By Shyla Black, Multifamily & Commercial Solar Program Coordinator
Here in Chico where I sit working from home the Dixie Fire rages. Currently, it has burned more than 722,000 acres and it is only 40% contained. The smoke outside has turned the sky white and my dog keeps looking up at me bored and morose. She knows something is wrong, she can smell it, but though she seems worried she still needs to run - but being outside gets unpleasant after a short time, so we do what we can inside.
The temporary loss of blue sky doesn’t compare to what small mountain communities like Paradise, Concow, Yankee Hill, Cherokee, and Berry Creek have lost. The list grows this year to include the towns of Greenvillle and areas of Colfax. Rebuilding is another new norm that is incredibly challenging on so many levels. Equally as challenging is securing funding that covers the rebuilds and the incredible labor it takes to complete them. On top of that, the increasing costs of lumber, steel, and many back-ordered items due to the pandemic and associated decrease in manufacturing. We also can’t forget the high demand for skilled workers in construction, contracting, electrical work, concrete, HVAC - the list goes on.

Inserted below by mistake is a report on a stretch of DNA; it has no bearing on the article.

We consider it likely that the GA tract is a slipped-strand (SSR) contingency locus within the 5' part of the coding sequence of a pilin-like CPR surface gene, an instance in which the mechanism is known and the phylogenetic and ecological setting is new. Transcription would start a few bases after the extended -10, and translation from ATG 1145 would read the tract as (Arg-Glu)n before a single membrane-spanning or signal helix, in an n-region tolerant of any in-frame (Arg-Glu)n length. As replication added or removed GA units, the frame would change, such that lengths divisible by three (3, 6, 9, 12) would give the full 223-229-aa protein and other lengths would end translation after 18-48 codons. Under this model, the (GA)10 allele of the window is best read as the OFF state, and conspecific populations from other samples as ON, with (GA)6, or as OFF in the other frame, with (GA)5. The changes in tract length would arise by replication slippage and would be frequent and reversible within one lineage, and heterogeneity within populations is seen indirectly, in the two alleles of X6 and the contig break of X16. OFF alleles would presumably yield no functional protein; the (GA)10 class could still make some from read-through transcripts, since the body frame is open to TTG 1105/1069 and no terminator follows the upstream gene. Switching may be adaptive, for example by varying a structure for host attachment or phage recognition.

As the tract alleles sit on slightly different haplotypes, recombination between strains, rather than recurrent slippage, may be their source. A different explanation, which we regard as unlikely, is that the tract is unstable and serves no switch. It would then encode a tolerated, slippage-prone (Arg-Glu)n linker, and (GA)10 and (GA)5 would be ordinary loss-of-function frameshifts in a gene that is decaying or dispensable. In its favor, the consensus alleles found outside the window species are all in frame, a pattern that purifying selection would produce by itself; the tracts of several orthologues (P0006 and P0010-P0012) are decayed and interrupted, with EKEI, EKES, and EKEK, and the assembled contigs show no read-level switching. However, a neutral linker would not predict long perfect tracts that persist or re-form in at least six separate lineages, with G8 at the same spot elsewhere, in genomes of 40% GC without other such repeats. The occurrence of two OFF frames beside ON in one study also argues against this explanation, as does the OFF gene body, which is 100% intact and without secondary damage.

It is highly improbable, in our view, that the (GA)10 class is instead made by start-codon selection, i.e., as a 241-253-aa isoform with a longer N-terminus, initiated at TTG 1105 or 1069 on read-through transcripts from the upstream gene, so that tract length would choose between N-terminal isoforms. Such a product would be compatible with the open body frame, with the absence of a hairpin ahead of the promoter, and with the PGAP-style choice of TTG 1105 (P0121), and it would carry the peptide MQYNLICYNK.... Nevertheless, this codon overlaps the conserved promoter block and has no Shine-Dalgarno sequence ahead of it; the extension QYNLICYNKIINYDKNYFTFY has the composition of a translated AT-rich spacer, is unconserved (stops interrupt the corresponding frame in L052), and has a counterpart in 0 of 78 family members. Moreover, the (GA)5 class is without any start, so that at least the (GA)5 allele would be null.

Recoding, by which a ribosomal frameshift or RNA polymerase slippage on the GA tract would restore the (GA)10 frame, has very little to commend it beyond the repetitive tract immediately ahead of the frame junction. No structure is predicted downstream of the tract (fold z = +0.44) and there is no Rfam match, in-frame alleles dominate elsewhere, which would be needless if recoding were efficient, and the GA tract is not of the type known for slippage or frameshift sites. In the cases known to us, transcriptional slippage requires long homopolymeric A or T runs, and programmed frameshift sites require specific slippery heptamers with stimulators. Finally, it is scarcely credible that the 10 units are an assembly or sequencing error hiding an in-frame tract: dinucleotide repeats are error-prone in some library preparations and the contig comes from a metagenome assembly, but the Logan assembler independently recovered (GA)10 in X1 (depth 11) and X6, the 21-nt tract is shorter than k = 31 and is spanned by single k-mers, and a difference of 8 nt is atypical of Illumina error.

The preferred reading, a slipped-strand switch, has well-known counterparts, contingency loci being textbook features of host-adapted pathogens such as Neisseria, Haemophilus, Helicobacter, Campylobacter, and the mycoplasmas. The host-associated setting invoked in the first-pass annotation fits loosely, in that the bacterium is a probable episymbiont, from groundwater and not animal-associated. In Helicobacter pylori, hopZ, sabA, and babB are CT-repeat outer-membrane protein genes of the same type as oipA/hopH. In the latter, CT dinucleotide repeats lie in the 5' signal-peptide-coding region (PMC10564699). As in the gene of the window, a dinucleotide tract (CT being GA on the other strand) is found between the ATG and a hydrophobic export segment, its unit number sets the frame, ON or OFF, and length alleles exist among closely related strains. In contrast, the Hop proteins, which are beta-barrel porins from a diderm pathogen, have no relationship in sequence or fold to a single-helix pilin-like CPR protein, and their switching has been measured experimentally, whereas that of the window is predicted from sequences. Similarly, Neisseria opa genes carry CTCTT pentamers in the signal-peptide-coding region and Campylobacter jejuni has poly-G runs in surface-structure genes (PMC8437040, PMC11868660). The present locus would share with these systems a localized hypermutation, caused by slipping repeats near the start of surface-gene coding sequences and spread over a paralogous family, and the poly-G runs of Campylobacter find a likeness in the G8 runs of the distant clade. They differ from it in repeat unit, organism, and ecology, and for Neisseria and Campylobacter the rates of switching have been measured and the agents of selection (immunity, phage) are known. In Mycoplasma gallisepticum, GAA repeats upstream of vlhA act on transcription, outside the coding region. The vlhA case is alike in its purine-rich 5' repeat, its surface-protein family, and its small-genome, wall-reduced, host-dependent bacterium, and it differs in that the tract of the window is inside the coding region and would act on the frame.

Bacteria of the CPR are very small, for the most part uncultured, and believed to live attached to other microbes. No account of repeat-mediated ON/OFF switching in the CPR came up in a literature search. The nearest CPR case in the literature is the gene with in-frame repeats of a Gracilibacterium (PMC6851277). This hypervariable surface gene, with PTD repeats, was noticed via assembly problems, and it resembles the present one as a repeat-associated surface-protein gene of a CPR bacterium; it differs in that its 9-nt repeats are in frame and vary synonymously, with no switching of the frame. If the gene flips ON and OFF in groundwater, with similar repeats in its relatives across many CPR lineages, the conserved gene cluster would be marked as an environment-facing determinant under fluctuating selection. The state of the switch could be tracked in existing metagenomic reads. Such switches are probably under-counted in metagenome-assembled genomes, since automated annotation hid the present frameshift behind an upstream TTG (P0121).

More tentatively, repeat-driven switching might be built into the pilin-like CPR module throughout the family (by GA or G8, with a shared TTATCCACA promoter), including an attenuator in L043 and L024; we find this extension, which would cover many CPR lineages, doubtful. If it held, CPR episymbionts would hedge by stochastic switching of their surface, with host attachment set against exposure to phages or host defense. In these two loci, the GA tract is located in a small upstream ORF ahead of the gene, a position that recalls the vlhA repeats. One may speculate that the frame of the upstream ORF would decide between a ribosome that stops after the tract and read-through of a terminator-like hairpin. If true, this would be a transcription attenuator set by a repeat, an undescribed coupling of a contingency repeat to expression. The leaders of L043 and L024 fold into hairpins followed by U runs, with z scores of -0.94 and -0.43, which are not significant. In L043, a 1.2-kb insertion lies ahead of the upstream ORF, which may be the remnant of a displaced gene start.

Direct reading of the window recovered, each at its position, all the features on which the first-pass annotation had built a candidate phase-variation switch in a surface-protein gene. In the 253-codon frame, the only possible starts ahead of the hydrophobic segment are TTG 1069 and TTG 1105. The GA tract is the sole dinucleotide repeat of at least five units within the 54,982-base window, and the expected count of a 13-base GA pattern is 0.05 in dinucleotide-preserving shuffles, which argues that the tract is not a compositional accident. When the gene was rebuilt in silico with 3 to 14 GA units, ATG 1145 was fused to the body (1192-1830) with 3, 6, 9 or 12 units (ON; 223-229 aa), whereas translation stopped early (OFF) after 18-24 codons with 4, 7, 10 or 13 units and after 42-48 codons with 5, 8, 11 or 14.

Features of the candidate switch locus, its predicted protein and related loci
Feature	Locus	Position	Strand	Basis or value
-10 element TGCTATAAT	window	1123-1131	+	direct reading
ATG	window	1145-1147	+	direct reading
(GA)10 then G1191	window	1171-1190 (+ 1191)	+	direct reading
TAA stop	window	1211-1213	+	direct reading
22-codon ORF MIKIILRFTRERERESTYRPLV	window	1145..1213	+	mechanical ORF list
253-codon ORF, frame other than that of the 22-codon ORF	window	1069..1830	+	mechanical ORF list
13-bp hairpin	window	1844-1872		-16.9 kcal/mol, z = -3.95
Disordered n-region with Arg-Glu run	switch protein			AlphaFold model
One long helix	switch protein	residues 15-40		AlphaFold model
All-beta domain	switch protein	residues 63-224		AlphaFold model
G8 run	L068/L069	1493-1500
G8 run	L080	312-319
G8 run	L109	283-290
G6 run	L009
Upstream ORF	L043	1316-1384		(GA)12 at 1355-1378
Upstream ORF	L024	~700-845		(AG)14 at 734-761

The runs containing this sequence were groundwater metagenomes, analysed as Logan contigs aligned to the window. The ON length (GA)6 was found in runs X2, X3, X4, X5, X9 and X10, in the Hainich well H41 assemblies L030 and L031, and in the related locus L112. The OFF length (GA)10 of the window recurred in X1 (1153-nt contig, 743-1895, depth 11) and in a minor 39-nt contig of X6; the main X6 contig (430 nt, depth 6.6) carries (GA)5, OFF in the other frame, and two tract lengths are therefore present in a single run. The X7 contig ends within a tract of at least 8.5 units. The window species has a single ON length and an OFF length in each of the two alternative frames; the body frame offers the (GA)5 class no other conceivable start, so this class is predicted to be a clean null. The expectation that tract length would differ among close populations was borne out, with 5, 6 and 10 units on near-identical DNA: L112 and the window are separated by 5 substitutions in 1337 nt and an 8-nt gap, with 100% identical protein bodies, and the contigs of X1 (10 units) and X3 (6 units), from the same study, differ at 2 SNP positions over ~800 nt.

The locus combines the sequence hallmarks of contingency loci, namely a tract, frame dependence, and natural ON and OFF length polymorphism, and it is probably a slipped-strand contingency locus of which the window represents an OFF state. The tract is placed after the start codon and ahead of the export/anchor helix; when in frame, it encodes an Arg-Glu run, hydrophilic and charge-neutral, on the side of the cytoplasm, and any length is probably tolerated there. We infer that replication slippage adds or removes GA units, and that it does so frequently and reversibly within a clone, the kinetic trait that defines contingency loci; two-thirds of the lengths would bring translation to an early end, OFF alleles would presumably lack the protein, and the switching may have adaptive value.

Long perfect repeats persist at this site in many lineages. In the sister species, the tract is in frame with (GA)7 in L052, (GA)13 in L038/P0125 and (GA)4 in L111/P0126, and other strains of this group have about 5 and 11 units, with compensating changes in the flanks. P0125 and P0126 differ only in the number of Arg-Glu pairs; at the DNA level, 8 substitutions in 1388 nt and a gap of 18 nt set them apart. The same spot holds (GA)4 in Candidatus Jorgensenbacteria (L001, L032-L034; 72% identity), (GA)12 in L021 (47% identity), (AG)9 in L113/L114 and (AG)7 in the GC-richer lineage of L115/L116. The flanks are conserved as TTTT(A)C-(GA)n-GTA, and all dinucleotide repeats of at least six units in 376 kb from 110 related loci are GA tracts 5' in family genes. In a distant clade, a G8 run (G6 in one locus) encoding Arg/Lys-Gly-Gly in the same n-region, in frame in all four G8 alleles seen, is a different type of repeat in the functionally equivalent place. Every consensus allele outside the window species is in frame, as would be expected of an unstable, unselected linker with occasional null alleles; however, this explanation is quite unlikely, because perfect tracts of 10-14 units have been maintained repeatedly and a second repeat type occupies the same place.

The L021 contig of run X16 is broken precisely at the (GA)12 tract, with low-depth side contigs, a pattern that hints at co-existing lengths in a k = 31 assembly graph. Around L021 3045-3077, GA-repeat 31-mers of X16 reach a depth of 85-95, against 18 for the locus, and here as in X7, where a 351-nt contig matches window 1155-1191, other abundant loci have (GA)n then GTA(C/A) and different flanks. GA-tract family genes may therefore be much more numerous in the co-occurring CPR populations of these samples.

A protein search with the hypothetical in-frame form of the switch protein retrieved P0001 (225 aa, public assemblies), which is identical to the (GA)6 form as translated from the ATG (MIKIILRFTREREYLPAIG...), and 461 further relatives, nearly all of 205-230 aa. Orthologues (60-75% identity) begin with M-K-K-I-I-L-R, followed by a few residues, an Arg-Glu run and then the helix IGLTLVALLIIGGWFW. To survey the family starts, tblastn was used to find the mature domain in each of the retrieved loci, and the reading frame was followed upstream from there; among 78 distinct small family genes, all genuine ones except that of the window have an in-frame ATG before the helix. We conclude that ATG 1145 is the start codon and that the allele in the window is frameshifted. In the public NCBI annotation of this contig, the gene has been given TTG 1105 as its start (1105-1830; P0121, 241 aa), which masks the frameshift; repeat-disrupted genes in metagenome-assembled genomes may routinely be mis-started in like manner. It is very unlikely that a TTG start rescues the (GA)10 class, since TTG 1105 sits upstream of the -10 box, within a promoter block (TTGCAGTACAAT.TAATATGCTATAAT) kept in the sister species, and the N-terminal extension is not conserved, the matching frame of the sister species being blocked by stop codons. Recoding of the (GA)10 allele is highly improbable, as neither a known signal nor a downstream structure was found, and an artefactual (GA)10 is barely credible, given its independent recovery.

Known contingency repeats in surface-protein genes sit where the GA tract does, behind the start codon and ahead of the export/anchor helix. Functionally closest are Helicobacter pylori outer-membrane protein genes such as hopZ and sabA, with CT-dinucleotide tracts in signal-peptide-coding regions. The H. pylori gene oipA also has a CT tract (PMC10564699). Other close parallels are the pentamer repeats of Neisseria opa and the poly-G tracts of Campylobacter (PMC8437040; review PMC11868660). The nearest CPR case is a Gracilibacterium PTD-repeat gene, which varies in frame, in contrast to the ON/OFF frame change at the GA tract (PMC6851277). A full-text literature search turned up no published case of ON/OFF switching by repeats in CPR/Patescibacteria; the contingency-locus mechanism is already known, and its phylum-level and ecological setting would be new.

However, there is an upside to rebuilding. We have the opportunity to re-envision our future. The future of our places and how they operate, what they provide, and how they can impact our way of life. We have the opportunity to ask “What do we want our community to look like, function as, and provide for everyone.” Even though the shortages and roadblocks exist, so too does the possibility for regeneration if we are willing to commit to it.
With that said, I am very excited to share that we are almost completely finished with our installation on Paradise Community Village (PCV), a multifamily affordable housing community that was destroyed in 2018 in the Camp Fire. Our construction team here at GRID Alternatives North Valley has installed a 30 kW system that will power 11 buildings and serve 36 families by providing clean, affordable energy.
The families served by PCV will be seniors, people returning to Paradise after displacement from the Camp Fire; and new folks from the surrounding areas in need of an affordable place to live. This is one of the new multifamily complexes being built in Paradise. With new infrastructure, the city’s septic system will be able to handle a larger capacity for multi-unit structures. This opens up the possibility to build more housing while taking up less space. This also means less building in the wildland-urban interface - meaning, a lower threat of the destruction of homes happening again.
This is a point of celebration. Of renewal. Of regeneration. With the release of more funding in the county, we will partner with developers in the area to realize the vision of all new multifamily construction as sustainable, energy-efficient, and resilient.
Welcome to this blog series by our own Shyla Black, Multi-family & Commercial Solar Program Coordinator, diving into the impact of GRID’s work for renters in multifamily developments and nonprofit organizations. For more information on receiving solar for your multi-family property or non-profit building with GRID Alternatives, email Shyla Black at firstname.lastname@example.org to set up a time to talk about your options.